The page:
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8.550868 - BARTOK: Violin Sonata, Sz. 117 / 44 Violin Duos, Sz. 98
Béla Bartók (1881 - 1945)
Sonata for Solo Violin, Sz 117
The Hungarian composer Béla Bartók was born in 1881 in an area that now forms part of Romania. His father, director of an agricultural college, was a keen amateur musician, while it was from his mother that he received his early piano lessons. The death of his father in 1889 led to a less settled existence, as his mother resumed work as a teacher, eventually settling in the Slovak capital of Bratislava (the Hungarian Pozsony), where Bartók passed his early adolescence, counting among his school-fellows the composer Erno Dohnányi. Offered the chance of musical training in Vienna, like Dohnányi he chose instead Budapest, where he won a considerable reputation as a pianist, being appointed to the teaching staff of the Academy of Music in 1907. At the same time he developed a deep interest, shared with his compatriot Zoltan Kodály, in the folk-music of his own and adjacent countries, later extended as far as Anatolia, where he collaborated in research with the Turkish composer Adnan saygiin.
As a composer Bartók found acceptance much more difficult, particularly in his own country, which was, in any case, beset by political troubles, when the brief post-war left-wing government of Béla Kun was replaced by the reactionary regime of Admiral Horthy. Meanwhile his reputation abroad grew, particularly among those with an interest in contemporary music, and his success both as a pianist and as a composer, coupled with dissatisfaction at the growing association between the Horthy government and National Socialist Germany, led him in 1940 to emigrate to the United States of America.
In his last years, after briefly held teaching appointments at Columbia and Harvard, Bartók suffered from increasing ill-health, and from poverty which the conditions of exile in war-time could do nothing to alleviate. He died in straitened circumstances in 1945, leaving a new Viola Concerto incomplete and a Third Piano Concerto more nearly finished. The years in America, whatever difficulties they brought, also gave rise to other important compositions, including the Concerto for Orchestra, commissioned by the Koussevitzky Foundation, a sonata for solo Violin for Yehudi Menuhin and, in the year before he left Hungary, Contrasts, for Szigeti and Benny Goodman.
The Sonata for solo violin was commissioned by Yehudi Menuhin, to whom it was dedicated and who gave the first performance in New York on 26th November 1944. It is an immensely challenging work, making great demands on both the performer and the listener. The first movement, marked Tempo di ciaccona is essentially a sonata-form movement, with something of the character of a chaconne but not its form. The opening chord may suggest the Bach sonata in G minor for unaccompanied violin, although what follows is very different, with its exploration of intervals generally associated with Hungarian folk- music and exploitation of the varied possibilities of the instrument. The Fuga is not a strict fugue, as the subject undergoes modifications and episodes introduce new material. The third movement Melodia is in ternary form, but the melody is subtly varied on its return. The sonata ends with a form of rondo, with three contrasting themes, all of which re-appear in the final coda.
Bartók wrote his 44 Duos for Two Violins in 1931, following earlier pedagogical work of a similar kind for the piano. The series of pieces advances in difficulty, with each piece based on folk-music of some kind, but treated with very considerable harmonic freedom. The pieces were published in four books. The first of these, containing fourteen pieces, opens with the simplest of material, although the use of sharply dissonant intervals between the two instruments even in the second piece may test the ear of the players. The Menuetto has a repeated drone bass and the Midsummer Night Song is treated in canon. Strongly dissonant intervals appear in the Slovakian Song. It is not until the eleventh piece, a Cradle Song, that polytonality is introduced, with a first violin key signature of B flat and D flat only, against a second violin key signature of F sharp. The book ends with a Pillow Dance of strong and occasionally off-beat accentuation.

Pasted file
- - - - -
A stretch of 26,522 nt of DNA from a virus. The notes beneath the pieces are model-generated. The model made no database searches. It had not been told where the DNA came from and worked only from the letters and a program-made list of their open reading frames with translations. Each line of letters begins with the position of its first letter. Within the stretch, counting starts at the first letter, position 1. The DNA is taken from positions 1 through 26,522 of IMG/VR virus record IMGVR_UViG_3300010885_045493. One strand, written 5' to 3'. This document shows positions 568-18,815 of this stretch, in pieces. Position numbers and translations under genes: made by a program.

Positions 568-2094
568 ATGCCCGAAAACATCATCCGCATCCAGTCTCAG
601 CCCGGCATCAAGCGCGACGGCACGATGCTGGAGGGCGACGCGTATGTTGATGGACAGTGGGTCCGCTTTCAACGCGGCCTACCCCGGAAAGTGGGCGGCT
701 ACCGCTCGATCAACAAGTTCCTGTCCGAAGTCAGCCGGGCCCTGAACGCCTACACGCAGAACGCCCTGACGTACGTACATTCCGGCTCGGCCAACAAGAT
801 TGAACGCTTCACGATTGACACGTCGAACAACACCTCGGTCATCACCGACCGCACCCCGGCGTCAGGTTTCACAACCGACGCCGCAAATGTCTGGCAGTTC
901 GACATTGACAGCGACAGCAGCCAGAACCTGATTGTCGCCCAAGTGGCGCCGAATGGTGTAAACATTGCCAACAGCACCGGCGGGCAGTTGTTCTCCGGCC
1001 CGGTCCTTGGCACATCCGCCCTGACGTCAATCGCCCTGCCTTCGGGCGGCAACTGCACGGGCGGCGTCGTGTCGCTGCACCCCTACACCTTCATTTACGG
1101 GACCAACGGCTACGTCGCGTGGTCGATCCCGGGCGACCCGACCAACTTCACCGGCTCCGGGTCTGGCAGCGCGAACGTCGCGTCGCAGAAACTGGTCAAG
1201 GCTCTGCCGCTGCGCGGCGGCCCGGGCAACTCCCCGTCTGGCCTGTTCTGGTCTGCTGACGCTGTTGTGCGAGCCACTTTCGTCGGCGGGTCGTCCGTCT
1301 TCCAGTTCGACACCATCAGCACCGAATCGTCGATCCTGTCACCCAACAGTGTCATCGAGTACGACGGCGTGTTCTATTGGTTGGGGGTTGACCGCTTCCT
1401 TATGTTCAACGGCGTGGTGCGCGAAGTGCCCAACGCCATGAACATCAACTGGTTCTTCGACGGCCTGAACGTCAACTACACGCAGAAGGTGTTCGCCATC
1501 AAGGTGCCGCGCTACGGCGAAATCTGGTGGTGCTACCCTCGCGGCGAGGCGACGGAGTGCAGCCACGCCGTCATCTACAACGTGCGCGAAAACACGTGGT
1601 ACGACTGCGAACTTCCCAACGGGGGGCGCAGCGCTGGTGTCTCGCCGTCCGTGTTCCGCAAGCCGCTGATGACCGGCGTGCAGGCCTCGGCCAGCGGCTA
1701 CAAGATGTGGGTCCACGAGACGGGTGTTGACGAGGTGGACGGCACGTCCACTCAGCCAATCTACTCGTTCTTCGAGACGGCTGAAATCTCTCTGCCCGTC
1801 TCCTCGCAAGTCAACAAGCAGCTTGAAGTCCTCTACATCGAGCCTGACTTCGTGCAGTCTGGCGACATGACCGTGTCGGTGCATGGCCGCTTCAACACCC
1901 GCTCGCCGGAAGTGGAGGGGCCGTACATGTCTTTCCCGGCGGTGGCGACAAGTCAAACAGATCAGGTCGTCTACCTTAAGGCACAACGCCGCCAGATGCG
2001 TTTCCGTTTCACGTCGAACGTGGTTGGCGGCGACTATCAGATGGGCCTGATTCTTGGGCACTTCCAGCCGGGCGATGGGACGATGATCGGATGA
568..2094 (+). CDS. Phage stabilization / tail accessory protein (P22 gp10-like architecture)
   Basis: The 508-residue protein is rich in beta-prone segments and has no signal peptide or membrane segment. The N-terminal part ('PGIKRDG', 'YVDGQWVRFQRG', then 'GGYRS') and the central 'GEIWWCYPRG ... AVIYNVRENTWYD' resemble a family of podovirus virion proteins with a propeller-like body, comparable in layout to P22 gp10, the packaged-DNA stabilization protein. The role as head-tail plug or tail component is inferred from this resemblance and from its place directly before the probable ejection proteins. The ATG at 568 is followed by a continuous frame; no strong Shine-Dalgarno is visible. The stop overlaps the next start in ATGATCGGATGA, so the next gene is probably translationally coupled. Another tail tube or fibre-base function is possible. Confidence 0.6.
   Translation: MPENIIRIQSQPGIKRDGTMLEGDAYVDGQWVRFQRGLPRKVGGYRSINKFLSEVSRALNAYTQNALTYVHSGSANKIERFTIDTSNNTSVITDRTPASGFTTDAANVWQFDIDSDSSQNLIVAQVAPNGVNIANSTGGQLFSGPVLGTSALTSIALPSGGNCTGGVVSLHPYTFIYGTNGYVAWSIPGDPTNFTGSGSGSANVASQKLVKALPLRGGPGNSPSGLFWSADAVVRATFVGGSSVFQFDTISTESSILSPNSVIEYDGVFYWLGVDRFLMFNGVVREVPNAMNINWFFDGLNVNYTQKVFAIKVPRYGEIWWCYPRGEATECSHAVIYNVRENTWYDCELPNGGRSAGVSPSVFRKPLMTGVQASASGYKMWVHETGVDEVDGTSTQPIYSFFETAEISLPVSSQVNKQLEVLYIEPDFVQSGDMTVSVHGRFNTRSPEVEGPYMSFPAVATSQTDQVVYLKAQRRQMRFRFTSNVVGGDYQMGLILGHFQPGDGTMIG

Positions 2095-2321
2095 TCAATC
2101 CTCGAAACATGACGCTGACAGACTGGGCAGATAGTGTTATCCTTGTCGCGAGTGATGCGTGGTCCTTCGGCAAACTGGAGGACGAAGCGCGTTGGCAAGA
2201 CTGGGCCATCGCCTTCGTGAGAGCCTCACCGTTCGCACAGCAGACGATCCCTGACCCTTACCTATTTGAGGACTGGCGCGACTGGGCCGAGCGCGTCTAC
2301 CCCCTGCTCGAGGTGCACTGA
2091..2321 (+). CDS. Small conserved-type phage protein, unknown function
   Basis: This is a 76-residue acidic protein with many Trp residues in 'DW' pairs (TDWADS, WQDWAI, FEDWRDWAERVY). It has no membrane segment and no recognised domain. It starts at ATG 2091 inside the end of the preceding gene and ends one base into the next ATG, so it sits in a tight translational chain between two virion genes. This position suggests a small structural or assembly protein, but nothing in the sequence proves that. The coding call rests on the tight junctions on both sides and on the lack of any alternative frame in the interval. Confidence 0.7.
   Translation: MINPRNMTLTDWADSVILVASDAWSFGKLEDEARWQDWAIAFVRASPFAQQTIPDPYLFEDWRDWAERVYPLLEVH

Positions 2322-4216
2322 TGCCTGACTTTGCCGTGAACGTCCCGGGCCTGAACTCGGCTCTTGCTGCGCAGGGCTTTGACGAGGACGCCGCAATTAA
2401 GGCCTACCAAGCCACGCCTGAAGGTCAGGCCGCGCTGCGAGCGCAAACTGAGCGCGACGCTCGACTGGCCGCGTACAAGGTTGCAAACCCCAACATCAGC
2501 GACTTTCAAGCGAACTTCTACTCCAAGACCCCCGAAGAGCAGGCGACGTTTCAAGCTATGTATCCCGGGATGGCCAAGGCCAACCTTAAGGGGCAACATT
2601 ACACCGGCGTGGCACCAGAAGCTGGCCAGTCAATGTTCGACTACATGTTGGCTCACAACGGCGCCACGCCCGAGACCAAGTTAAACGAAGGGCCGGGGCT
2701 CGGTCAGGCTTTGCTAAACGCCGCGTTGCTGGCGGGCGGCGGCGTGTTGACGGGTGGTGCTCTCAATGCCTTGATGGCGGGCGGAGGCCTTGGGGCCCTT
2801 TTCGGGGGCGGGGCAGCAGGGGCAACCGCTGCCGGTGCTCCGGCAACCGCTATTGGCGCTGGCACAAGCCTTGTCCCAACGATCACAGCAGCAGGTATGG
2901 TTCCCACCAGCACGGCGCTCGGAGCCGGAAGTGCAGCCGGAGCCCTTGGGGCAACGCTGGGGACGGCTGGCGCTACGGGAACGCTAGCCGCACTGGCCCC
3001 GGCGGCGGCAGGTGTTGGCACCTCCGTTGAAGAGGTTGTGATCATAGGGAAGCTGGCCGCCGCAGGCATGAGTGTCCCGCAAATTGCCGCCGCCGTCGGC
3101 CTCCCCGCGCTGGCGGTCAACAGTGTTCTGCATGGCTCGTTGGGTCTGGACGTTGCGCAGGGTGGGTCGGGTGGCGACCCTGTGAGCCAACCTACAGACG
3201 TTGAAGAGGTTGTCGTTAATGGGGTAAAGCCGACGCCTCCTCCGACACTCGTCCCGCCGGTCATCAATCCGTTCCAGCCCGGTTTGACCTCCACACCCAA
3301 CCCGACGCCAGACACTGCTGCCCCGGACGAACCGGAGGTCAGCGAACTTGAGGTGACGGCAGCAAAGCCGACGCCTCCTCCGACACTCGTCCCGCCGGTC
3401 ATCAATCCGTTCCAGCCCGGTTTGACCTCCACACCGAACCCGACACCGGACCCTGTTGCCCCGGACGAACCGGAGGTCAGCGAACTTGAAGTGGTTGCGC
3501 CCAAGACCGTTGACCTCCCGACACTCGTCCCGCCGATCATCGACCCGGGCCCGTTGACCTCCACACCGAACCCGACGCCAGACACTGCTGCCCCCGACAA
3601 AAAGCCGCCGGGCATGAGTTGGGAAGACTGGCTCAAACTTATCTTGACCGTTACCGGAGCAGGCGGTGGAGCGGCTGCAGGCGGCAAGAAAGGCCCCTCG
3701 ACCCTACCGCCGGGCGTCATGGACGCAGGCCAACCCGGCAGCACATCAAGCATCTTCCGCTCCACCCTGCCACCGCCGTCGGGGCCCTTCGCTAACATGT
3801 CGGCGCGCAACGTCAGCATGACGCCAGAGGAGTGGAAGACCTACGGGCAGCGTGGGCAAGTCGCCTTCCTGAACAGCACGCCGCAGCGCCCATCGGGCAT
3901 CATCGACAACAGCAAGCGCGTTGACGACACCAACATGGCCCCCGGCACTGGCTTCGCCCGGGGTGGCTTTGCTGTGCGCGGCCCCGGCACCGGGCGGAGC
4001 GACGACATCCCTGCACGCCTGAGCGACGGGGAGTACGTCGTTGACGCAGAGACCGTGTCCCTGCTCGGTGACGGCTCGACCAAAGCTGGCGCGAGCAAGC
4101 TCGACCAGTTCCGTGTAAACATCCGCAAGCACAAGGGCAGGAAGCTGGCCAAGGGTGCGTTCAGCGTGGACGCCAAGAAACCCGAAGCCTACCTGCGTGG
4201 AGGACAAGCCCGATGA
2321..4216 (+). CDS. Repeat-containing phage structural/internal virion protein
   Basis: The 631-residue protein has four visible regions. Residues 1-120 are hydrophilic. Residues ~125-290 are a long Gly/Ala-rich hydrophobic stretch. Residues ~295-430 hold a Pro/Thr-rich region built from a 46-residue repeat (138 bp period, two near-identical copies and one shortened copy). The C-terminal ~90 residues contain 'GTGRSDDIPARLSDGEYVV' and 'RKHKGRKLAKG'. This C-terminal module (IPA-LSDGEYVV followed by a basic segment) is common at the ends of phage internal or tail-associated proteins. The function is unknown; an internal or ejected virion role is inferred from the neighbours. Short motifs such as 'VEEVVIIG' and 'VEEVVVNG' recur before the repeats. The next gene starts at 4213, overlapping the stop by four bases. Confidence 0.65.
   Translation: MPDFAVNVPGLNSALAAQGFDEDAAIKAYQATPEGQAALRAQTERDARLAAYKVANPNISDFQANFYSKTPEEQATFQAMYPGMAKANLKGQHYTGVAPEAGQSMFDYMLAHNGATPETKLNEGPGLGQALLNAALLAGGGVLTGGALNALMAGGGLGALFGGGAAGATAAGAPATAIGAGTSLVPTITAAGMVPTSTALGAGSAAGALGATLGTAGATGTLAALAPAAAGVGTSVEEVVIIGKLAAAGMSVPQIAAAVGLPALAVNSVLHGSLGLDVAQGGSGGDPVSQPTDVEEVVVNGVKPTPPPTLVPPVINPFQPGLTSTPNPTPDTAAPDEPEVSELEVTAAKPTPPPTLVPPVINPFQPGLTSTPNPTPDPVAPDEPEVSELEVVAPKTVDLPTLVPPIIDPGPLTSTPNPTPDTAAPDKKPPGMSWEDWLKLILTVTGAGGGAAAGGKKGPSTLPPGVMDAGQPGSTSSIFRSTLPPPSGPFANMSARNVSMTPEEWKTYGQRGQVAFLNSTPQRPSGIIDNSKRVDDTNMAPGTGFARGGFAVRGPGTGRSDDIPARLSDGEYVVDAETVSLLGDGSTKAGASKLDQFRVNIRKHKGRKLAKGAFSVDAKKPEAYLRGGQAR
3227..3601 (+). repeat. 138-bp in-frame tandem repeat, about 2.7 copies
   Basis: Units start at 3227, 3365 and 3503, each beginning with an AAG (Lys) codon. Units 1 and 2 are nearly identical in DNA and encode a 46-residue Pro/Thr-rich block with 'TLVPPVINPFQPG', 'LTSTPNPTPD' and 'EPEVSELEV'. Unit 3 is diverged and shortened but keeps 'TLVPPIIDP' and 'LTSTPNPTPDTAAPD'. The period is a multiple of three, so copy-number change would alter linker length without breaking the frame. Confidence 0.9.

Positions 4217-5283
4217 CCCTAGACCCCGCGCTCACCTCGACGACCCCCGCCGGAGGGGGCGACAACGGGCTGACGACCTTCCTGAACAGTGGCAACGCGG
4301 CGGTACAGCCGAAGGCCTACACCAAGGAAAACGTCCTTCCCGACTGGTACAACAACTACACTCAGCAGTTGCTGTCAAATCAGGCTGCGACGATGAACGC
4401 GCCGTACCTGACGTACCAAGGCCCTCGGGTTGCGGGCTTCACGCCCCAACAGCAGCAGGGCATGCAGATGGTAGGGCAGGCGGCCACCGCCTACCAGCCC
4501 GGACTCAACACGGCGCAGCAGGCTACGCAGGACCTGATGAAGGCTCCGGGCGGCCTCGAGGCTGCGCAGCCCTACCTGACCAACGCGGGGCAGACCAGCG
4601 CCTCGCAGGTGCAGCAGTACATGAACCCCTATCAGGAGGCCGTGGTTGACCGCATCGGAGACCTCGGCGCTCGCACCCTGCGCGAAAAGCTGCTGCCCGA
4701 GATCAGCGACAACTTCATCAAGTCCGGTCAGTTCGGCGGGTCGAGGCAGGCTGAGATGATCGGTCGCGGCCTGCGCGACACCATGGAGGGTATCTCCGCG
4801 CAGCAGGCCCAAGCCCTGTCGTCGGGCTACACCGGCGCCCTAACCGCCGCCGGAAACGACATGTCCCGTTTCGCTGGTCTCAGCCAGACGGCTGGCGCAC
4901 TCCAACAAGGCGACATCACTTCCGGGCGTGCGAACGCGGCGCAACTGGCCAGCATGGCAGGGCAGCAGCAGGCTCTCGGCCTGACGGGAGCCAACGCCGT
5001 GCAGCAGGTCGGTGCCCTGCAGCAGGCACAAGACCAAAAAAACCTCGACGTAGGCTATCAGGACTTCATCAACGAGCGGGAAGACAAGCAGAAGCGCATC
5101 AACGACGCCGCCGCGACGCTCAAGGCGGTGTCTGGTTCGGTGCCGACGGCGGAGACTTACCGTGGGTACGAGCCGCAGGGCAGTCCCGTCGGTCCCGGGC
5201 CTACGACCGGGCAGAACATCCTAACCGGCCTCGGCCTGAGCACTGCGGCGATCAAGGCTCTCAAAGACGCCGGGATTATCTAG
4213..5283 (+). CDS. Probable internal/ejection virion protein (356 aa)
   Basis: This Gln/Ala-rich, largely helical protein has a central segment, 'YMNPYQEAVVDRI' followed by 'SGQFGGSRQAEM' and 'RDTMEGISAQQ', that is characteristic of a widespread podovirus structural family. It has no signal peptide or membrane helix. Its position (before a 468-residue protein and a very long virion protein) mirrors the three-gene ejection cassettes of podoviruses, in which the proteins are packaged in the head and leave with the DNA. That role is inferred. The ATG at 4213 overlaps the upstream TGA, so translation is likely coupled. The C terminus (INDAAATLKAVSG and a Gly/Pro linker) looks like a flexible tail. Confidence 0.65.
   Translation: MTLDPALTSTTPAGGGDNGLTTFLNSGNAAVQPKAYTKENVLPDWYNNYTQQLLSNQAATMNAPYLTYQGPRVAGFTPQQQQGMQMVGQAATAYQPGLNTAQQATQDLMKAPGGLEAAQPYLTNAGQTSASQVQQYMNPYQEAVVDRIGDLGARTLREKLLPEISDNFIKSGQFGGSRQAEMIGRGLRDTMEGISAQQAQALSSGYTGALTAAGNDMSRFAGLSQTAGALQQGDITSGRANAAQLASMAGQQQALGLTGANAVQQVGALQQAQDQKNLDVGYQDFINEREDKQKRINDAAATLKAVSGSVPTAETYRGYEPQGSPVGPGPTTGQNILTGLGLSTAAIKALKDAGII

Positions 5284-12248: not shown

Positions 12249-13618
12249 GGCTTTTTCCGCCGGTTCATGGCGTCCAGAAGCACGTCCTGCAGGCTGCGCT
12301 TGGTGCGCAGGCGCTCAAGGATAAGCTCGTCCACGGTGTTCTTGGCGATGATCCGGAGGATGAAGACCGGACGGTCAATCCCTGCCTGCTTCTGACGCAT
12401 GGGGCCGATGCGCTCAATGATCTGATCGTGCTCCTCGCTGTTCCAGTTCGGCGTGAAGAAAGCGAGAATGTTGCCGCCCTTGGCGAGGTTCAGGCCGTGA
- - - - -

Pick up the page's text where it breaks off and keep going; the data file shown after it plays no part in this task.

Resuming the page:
The second book of duos opens with a forthright Soldiers' Song. Canon and inversion is used in Burlesque, with characteristic Hungarian rhythms in the two following Hungarian Marches. The Fairy Tale has a lop-sided rhythm, and interesting exchanges between the instruments take place in A Rhythm Song. The first New Year's Song is set against an ostinato accompaniment, while the buzzing of the mosquito in Mosquito Dance brings sudden changes of accent. There is due contrast between the Bride's Farewell and the Comic Song, and the book ends with a typical Hungarian Song.
The third book of duos starts with a useful exercise in rapid spiccato bowing, followed by an off-beat Limping Dance. Sorrow is gently explored, while varied rhythms mark the New Year's Greeting songs and the Dance from Máramaros is set against an insistent accompanying rhythm. Harvest Song is polytonal and Enumerating Song has shouted numbers, in its original song-game form. The Ruthenian Kolomeika is danced against an insistent and accentually varying rhythm, followed by Bagpipes replete with the necessary drones.
The fourth book contains eight pieces, starting with a Prelude and Canon, the latter varying the interval of imitation. There are exciting dances from Romania, Serbia and Wallachia, a rapid Scherzo, an Arabian Dance with the necessary augmented second intervals, a piece that is entirely pizzicato and a final Transylvanian Dance of energetic rhythm.
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